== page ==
Introspective

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  • Call out a volunteer and ask other what he/she is thinking/feeling, her mental state?
  • Introspective

    1. 1. CHAPTER 3
    2. 2. 3.1 IntroducingIntrospective Research
    3. 3. Ask!How do you define/analyze human emotional/mental states? Introspective techniquessources of information about other minds
    4. 4. Asking participants to delve intotheir own states of consciousnessand verbally report on cognitive,affective or social aspects of that consciousness is the techniqueused in the introspective studies.
    5. 5. 1. Set a task.2. Ask participants to report on what their brains/hearts are processing as they carry out the task.Example:solving an arithmetic problem…youmutter to yourself as you solve
    6. 6. Covers introspective studies in: Test-taking and  Problem-solving validation  Erroranalysis Translation  Motivation Reading  etc
    7. 7.  20th century William James, Titchener, JamesJoyce, Marcel Proust and Virginia Woolf Within a few years:  Under attack by Watson ‘’…untrustworthy for scientific purposes…’’  Behaviorism  Abandoned for about 50 years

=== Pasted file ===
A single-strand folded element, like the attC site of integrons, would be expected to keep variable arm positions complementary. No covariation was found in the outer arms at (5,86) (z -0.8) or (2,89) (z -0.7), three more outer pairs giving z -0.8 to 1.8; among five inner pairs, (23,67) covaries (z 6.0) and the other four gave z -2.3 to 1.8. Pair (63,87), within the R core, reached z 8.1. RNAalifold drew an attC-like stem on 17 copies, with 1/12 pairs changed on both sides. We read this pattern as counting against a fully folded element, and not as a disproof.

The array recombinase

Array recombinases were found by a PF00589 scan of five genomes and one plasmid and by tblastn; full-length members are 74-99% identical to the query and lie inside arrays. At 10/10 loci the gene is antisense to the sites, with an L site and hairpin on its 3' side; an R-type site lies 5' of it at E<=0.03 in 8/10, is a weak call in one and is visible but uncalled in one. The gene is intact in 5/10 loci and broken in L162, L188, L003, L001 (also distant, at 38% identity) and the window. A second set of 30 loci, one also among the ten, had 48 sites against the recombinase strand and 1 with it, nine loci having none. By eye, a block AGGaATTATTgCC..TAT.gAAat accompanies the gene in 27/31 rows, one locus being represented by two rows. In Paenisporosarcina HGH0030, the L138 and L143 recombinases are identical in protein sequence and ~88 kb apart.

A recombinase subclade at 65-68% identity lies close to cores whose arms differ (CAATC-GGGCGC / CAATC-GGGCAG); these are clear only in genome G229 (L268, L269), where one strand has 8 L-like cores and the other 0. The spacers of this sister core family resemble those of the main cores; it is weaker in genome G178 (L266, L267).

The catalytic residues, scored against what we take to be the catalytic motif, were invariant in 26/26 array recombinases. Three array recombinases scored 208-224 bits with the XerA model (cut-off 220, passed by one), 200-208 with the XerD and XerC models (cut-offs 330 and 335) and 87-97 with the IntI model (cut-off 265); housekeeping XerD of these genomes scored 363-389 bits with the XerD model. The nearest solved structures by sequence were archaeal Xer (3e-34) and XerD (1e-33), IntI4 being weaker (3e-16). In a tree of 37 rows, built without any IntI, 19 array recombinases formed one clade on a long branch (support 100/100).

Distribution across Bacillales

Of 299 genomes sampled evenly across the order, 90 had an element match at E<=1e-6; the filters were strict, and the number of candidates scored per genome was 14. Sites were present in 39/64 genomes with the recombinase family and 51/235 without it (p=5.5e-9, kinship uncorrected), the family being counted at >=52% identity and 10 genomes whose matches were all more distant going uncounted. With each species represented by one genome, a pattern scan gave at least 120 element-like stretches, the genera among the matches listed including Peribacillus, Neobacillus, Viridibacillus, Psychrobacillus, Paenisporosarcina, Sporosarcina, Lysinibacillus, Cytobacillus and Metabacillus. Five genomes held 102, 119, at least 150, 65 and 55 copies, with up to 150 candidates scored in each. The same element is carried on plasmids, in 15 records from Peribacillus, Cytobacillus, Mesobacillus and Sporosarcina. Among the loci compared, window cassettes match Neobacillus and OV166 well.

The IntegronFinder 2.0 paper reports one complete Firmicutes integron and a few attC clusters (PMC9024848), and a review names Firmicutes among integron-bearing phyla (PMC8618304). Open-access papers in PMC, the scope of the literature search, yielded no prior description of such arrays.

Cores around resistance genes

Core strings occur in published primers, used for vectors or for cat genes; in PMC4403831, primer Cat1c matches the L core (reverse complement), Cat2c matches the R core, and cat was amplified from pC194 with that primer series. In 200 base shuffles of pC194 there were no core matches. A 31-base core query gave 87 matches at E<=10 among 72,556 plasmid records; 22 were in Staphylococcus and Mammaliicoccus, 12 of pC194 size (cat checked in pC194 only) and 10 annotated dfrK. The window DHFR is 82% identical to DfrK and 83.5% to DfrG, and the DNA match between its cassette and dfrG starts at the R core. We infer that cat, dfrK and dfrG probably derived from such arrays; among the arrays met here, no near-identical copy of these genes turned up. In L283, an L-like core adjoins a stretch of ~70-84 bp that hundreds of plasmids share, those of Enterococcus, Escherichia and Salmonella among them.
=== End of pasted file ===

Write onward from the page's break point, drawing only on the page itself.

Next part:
8. 8. Ericsson and Simon’s Verbal Protocols (1984,1993) psychologicalstudies needed to be designed in respect to a model of mental process formulated such a model based in the basis of information processing theory Critical feature: assumes a multiple memory model comprising both short- term and long-term memory stores and presumed mechanisms by which they are activated
    9. 9.  Timeintervening between mental operations and report is critical and should be minimized as much as possible Verbalizationplaces additional cognitive demands on mental processing that requires care in order to achieve insightful results Verbalreports of mental processes should avoid the usual social conventions of talking to someone
    10. 10.  There is a lot of information in introspective reports aside from the words themselves. parallel signals Verbal reports of automatic processes are not possible. Such processes include visual and motor processes and low-attention, automatized linguistic processes such as the social chat of native speakers Research should be based on a model of mental
    11. 11. Report and the task Information Example 1 Report is linguistically encoded, Talking aloud Talk-alouds concurrent with can be directly stated while thinking on the mental task how to spell a word 2 Report is not already Describing what a Think-alouds concurrent with linguistically encoded, corkscrew looks mental task thus requires linguistic like encoding3 Retrospective Report is consists of selected Reporting a route studies subsequent to foci, descriptions, you travelled mental task explanations and interpretations